Members of the Montrose Search and Rescue Team have put together a form that may save lives.
By Mary O’KEEFE
Filling out a simple form may make the difference between life and death for hikers. The form, designed by Montrose Search and Rescue members, is an effort to get as much information as possible about hikers before they head out and possibly need the team’s help.
“There has been so much [rescue] activity statewide,” said Mike Leum, member of Montrose Search and Rescue Team.
The team primarily works the Angeles National Forest area but has been called out to Yosemite and Sequoia recently as well. They are trained in all types of rescue from ice to canyons.
Many times information on missing hikers can be vague. For example, family and friends may know the hiker was in the Angeles National Forest but not what trail he or she was to hike.
The team begins looking for the missing hiker’s vehicle and then begins searching the nearby area, which at times can encompass several different trails.
Sometimes the hiker has not told anyone of his or her intent to hike and simply go out alone and begin walking.
“Throughout the course of our patrol on the weekends we identify cars and [monitor them] to see what cars are still there [at the end of the day or weekend],” Leum said.
The form is a hiking plan that includes information that will be helpful to search and rescue teams in case they are needed. It asks for the names of all who are hiking in the party, their ages, phone numbers and any medical issues. Included is an idea of when the area the hike is planned to begin and end as well as the date and time of the hike.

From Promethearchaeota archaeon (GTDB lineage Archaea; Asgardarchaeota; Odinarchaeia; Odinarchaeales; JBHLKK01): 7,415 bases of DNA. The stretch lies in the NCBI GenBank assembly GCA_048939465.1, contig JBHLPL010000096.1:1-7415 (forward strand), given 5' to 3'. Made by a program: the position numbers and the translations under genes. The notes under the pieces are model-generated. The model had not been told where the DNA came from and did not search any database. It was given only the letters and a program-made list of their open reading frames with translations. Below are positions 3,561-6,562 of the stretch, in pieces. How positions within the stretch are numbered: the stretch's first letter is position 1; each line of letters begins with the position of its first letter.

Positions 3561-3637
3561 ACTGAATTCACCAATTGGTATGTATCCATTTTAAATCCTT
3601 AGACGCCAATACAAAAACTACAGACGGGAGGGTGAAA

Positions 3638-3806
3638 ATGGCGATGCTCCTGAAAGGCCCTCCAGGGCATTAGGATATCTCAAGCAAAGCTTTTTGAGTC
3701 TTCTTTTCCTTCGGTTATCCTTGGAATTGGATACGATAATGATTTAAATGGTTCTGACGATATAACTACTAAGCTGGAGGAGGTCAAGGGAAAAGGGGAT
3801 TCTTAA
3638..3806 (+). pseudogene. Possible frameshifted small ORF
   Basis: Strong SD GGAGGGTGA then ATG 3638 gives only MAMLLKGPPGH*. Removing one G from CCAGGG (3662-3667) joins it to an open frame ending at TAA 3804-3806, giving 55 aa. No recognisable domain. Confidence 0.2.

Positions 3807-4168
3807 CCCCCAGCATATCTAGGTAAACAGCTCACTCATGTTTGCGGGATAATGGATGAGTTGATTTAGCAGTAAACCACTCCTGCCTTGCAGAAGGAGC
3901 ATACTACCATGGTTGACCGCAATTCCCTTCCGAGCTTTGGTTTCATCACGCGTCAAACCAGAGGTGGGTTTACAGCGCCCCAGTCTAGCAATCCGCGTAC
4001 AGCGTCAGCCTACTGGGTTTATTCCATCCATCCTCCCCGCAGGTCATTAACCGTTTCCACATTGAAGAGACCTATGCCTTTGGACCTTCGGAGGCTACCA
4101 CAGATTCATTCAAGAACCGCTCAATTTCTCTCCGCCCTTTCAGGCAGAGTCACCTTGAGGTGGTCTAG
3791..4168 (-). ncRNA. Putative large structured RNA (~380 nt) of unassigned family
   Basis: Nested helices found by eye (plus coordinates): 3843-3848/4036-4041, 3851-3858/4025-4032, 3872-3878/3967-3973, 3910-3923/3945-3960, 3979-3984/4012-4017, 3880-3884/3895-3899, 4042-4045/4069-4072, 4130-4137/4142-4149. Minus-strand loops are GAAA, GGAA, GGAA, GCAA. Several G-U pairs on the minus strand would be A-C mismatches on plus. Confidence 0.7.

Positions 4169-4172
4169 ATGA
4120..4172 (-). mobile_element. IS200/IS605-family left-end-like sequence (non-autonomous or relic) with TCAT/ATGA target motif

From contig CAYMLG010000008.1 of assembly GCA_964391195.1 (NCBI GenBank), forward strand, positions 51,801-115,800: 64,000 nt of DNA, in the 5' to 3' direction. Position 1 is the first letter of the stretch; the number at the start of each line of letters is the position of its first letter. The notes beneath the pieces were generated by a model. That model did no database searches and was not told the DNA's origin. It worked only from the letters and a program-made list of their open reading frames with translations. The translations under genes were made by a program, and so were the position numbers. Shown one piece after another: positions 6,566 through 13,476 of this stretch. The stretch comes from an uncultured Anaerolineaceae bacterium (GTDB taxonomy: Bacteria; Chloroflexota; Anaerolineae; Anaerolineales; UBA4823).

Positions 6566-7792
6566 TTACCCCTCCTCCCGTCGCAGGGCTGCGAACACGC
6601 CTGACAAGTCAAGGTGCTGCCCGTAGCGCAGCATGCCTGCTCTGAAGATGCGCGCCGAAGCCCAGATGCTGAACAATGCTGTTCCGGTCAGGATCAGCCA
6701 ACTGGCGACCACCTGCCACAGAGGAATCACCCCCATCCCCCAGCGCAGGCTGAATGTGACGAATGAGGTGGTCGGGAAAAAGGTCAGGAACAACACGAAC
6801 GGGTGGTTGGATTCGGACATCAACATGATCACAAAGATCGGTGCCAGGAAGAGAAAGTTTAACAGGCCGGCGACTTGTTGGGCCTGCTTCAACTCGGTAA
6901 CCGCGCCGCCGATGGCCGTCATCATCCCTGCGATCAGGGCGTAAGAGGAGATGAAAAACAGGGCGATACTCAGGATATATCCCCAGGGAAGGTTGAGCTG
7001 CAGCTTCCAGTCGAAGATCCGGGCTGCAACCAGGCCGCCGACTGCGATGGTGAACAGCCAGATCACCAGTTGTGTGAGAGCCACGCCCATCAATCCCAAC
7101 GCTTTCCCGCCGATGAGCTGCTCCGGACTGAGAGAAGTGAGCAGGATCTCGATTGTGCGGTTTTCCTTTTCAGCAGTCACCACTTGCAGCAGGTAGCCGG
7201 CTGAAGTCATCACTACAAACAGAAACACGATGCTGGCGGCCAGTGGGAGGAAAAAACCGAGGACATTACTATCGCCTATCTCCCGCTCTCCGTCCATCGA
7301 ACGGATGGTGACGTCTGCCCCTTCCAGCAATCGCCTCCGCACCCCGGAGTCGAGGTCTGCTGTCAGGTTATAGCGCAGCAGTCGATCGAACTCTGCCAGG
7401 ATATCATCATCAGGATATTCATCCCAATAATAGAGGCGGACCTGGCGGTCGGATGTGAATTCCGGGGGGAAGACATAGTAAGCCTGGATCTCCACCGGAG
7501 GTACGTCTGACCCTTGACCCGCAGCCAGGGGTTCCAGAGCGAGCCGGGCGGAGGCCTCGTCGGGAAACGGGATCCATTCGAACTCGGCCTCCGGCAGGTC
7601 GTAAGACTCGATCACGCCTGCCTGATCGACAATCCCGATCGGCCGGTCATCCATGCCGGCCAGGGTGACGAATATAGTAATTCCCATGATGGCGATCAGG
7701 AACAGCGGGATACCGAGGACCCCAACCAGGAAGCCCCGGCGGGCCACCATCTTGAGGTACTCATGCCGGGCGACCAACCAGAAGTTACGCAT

Hikers are also asked to provide a list of equipment they will be packing on their walk, including water and protective gear. This is important because rescuers will know what equipment they will need to bring while searching. For example, for one rescue the Montrose Search and Rescue Team found hikers who had gone into the snowy mountains of Angeles National Forest with no jackets and wearing sandals.
Those filling out the hiking plan are also asked to sketch a map of their hike. This will give searchers an idea of the initial plan, even if the hiker deviated from the original route.
As always Montrose Search and Rescue Team members want hikers to enjoy nature but to be prepared.
“Don’t hike alone, be prepared with appropriate equipment and supplies and be familiar with where you are going,” Leum said.
A few weeks ago the team rescued a 37-year-old woman who began her five-hour hike to Twin Peaks in ANF at 3 p.m.
“She was by herself and had never been at that location before,” Leum said of the rescue.
After about seven hours of hiking the woman called 911 to report she was lost. She was found about midnight.
Reception is tricky in the ANF and although the woman was able to get the 911 call out, rescuers could not use the global positioning system on her phone to help locate her.
“About 20% of our calls for rescue are from cellphones,” Leum said. He advised hikers to keep their cellphones turned off while on the trails.
“While it is on the phone is searching for a cell tower. That will drain the battery,” he said. “Once you get north of Mt. Wilson, cell reception is very minimal but there are a few [active] spots.”
Leum added the team loses contact with about half of those who initially contacted them with a cellphone due to battery loss. If the phone is off, the battery will be ready if GPS or an emergency call is needed, he added.
For a copy of the form, visit http://file.lacounty.gov/lasd/cms1_163961.pdf.